Project description:<h4>Unlabelled</h4><h4>Background</h4>Evolution has selected for organisms that benefit from genetically encoded cell-cell communication. Engineers have begun to repurpose elements of natural communication systems to realize programmed pattern formation and coordinate other population-level behaviors. However, existing engineered systems rely on system-specific small molecules to send molecular messages among cells. Thus, the information transmission capacity of current engineered biological communication systems is physically limited by specific biomolecules that are capable of sending only a single message, typically "regulate transcription."<h4>Results</h4>We have engineered a cell-cell communication platform using bacteriophage M13 gene products to autonomously package and deliver heterologous DNA messages of varying lengths and encoded functions. We demonstrate the decoupling of messages from a common communication channel via the autonomous transmission of various arbitrary genetic messages. Further, we increase the range of engineered DNA messaging across semisolid media by linking message transmission or receipt to active cellular chemotaxis.<h4>Conclusions</h4>We demonstrate decoupling of a communication channel from message transmission within engineered biological systems via the autonomous targeted transduction of user-specified heterologous DNA messages. We also demonstrate that bacteriophage M13 particle production and message transduction occurs among chemotactic bacteria. We use chemotaxis to improve the range of DNA messaging, increasing both transmission distance and communication bit rates relative to existing small molecule-based communication systems. We postulate that integration of different engineered cell-cell communication platforms will allow for more complex spatial programming of dynamic cellular consortia.
Project description:Action potentials can be recorded extracellularly from hundreds of neurons simultaneously with multi-electrode arrays. These can typically have as many as 120 or more electrodes. The brief duration of action potentials requires a high sampling frequency to reliably capture each waveform. The resulting raw data files are therefore large and difficult to visualize with traditional plotting tools. Common approaches to deal with the difficulties of data display, such as extracting spike times and performing spike train analysis, are useful in many contexts but they also significantly reduce data dimensionality. The use of tools which minimize data processing enable the development of heuristic perspective of experimental results. Here we introduce MEA Viewer, a high-performance open source application for the direct visualization of multi-channel electrophysiological data. MEA Viewer includes several high-performance visualizations, including an easily navigable overview of recorded extracellular action potentials from all data channels overlaid with spike timestamp data and an interactive raster plot. MEA Viewer can also display the two dimensional extent of action potential propagation in single neurons by signal averaging extracellular action potentials (eAPs) from single neurons detected on multiple electrodes. This view extracts and displays eAP timing information and eAP waveforms that are otherwise below the spike detection threshold. This entirely new method of using MEAs opens up novel research applications for medium density arrays. MEA Viewer is licensed under the General Public License version 3, GPLv3, and is available at http://github.com/dbridges/mea-tools.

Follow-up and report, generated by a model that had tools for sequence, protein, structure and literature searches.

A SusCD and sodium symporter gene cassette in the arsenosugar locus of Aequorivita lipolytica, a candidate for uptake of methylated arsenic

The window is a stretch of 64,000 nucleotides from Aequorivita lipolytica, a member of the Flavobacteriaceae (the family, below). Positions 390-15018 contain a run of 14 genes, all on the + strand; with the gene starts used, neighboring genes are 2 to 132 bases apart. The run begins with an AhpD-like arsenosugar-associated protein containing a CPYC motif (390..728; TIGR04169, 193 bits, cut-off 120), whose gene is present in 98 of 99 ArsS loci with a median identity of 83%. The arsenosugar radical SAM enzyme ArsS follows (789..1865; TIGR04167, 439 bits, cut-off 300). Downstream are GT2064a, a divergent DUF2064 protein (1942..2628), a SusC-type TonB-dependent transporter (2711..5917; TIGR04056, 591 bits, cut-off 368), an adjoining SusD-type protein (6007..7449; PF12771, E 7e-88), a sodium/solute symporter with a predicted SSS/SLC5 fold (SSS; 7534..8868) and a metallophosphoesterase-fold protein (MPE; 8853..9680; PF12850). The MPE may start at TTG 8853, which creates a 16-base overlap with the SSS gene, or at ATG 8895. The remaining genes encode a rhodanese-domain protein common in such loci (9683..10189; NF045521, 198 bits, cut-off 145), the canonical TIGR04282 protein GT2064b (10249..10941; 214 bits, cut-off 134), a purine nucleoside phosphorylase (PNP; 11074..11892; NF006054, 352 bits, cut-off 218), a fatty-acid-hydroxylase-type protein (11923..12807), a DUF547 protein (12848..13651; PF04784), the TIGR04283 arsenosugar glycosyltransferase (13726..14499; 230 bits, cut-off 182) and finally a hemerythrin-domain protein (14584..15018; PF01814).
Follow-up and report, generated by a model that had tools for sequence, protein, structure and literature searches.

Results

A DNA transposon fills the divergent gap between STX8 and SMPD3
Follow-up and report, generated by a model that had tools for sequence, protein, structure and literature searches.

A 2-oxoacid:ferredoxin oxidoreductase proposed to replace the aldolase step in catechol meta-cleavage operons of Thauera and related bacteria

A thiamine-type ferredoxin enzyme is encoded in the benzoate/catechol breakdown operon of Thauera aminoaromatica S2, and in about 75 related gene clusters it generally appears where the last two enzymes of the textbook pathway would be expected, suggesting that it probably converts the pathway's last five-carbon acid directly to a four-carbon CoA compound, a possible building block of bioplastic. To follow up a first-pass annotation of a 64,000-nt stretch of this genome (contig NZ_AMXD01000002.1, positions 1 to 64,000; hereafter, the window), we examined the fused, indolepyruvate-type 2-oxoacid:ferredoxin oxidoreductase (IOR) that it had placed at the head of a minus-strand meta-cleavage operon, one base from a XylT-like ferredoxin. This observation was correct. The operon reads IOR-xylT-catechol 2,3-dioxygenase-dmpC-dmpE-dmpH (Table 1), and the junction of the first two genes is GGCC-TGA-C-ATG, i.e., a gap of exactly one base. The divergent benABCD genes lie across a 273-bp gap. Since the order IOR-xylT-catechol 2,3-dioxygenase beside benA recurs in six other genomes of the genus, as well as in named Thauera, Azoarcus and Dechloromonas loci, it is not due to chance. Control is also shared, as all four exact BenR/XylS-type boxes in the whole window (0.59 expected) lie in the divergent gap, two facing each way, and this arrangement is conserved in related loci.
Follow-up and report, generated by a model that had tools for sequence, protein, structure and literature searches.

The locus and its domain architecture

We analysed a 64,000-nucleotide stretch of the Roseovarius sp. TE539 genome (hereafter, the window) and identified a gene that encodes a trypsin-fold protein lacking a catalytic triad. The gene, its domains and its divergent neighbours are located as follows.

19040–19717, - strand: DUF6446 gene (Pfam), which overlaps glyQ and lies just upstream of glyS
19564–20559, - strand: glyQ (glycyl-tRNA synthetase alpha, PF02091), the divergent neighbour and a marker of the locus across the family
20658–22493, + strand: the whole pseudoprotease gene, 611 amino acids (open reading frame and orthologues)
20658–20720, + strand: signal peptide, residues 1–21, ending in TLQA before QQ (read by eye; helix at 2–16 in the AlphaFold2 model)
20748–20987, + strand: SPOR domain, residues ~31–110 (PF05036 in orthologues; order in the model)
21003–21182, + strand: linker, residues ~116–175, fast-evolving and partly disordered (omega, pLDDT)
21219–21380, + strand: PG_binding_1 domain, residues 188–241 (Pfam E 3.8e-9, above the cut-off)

Project description:Mass spectrometry (MS) is the enabling technology for proteomics and metabolomics. However, dramatic improvements in both sensitivity and throughput are still required to achieve routine MS-based single cell proteomics and metabolomics. Here, we report the silicon-based monolithic multinozzle emitter array (MEA) and demonstrate its proof-of-principle applications in high-sensitivity and high-throughput nanoelectrospray mass spectrometry. Our MEA consists of 96 identical 10-nozzle emitters in a circular array on a 3 in. silicon chip. The geometry and configuration of the emitters, the dimension and number of the nozzles, and the micropillar arrays embedded in the main channel can be systematically and precisely controlled during the microfabrication process. Combining electrostatic simulation and experimental testing, we demonstrated that sharpened-end geometry at the stem of the individual multinozzle emitter significantly enhanced the electric fields at its protruding nozzle tips, enabling sequential nanoelectrospray for the high-density emitter array. We showed that electrospray current of the multinozzle emitter at a given total flow rate was approximately proportional to the square root of the number of its spraying-nozzles, suggesting the capability of high MS sensitivity for multinozzle emitters. Using a conventional Z-spray mass spectrometer, we demonstrated reproducible MS detection of peptides and proteins for serial MEA emitters, achieving sensitivity and stability comparable to the commercial capillary emitters. Our robust silicon-based MEA chip opens up the possibility of a fully integrated microfluidic system for ultrahigh-sensitivity and ultrahigh-throughput proteomics and metabolomics.